15th Anniversary of Goldenberg, et al. paper

Cover of July 20, 2001 Science journal.

Cover of July 20, 2001 Science journal.

In the July 20, 2001, issue of Science magazine, HRD scientists Stan Goldenberg and Chris Landsea, AOML oceanographer Alberto M. Mestas-Nuñez, and Colorado State professor Bill Gray published the article “The Recent Increase in Atlantic Hurricane Activity: Causes and Implications”.  The cover article examined the upsurge in Atlantic hurricane activity starting in 1995 and related it to changes in sea surface temperatures and vertical wind shear over the ocean basin.

Figure 4 from Goldenberg et al. showing changes in Atlantic hurricane activity due to phases of the AMO.

Figure 4 from Goldenberg et al. showing changes in Atlantic hurricane activity due to phases of the AMO.

The authors described how Atlantic hurricane activity was affected by modulations in sea temperatures, such as the El Niño – Southern Oscillation (ENSO) phase and the Atlantic Multidecadal Oscillation (AMO).  The paper concludes, “the present high level of hurricane activity is likely to persist for an additional ∼10 to 40 years.”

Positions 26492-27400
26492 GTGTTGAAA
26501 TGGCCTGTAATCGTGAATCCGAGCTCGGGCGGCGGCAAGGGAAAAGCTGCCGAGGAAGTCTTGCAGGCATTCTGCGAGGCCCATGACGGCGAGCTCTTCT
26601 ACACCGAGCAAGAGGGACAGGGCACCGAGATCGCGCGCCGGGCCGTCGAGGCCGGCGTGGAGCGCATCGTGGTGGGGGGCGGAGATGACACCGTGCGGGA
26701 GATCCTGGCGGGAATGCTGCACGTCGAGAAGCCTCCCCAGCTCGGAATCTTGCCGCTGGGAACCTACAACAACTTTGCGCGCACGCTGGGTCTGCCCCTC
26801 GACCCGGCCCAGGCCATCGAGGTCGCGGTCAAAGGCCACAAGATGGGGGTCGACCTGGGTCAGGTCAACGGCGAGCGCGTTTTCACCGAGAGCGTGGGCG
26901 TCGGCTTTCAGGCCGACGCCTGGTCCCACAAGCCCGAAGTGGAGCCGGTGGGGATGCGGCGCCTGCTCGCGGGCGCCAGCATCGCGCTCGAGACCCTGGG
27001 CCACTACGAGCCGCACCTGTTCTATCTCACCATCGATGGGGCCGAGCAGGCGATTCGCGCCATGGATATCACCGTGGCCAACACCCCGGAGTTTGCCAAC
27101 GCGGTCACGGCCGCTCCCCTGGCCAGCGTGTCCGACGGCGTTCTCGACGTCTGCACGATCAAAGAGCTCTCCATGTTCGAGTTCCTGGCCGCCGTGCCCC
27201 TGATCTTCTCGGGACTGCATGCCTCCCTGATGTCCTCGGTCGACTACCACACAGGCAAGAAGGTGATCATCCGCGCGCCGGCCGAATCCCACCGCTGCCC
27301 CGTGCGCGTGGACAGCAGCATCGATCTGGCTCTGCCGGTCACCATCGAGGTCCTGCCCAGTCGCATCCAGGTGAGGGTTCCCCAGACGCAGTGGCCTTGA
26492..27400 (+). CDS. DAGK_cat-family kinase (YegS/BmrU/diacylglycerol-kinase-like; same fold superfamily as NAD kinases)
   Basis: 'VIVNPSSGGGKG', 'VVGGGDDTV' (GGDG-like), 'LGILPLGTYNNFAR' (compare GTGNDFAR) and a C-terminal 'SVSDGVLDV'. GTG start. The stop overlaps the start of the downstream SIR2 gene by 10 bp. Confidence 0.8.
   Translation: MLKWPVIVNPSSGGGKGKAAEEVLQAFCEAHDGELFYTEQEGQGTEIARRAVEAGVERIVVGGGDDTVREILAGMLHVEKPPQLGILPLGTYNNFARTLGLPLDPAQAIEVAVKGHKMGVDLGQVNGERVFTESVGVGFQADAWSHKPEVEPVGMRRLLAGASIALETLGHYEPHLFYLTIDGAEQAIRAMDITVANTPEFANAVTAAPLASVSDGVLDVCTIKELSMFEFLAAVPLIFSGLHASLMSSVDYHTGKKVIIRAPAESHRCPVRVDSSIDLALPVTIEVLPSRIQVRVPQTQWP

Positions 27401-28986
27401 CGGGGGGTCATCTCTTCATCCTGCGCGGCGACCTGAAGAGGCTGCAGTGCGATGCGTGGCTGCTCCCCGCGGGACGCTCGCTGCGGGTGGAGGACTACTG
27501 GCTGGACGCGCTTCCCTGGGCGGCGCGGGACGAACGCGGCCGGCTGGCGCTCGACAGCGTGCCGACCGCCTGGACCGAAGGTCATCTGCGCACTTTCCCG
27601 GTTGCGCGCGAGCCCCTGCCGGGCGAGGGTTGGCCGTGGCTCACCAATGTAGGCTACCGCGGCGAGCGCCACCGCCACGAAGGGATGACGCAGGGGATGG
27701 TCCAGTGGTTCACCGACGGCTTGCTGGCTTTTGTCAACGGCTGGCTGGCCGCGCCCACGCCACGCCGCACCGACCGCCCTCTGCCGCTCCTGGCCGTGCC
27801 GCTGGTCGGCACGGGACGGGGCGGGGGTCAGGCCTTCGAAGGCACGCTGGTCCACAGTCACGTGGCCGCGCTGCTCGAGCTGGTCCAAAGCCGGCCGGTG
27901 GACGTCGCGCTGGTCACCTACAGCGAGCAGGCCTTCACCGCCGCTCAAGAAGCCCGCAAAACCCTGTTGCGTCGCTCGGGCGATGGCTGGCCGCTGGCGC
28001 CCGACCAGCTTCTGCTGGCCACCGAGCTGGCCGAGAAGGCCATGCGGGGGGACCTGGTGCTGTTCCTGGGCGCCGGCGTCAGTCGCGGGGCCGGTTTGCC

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Jason Dunion talks with patch.com about the Saharan Air Layer

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You can read the article at http://patch.com/us/across-america/saharan-dust-cloud-descends-texas-gulf-coast.

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HRD Monthly Science Meeting of July 2016

July’s science meeting consisted of 5 presentations:

  1. Joaquin Trinanes (AOML/PhOD) – “CoastWatch and PhOD satellite and ocean products in support of HRD 2016 hurricane season activities”
  2. Erin Dougherty (SUNY- Albany, HRD visitor) – “Hurricane Bonnie (1998): Maintaining Intensity during High Vertical Wind Shear and an Eyewall Replacement Cycle”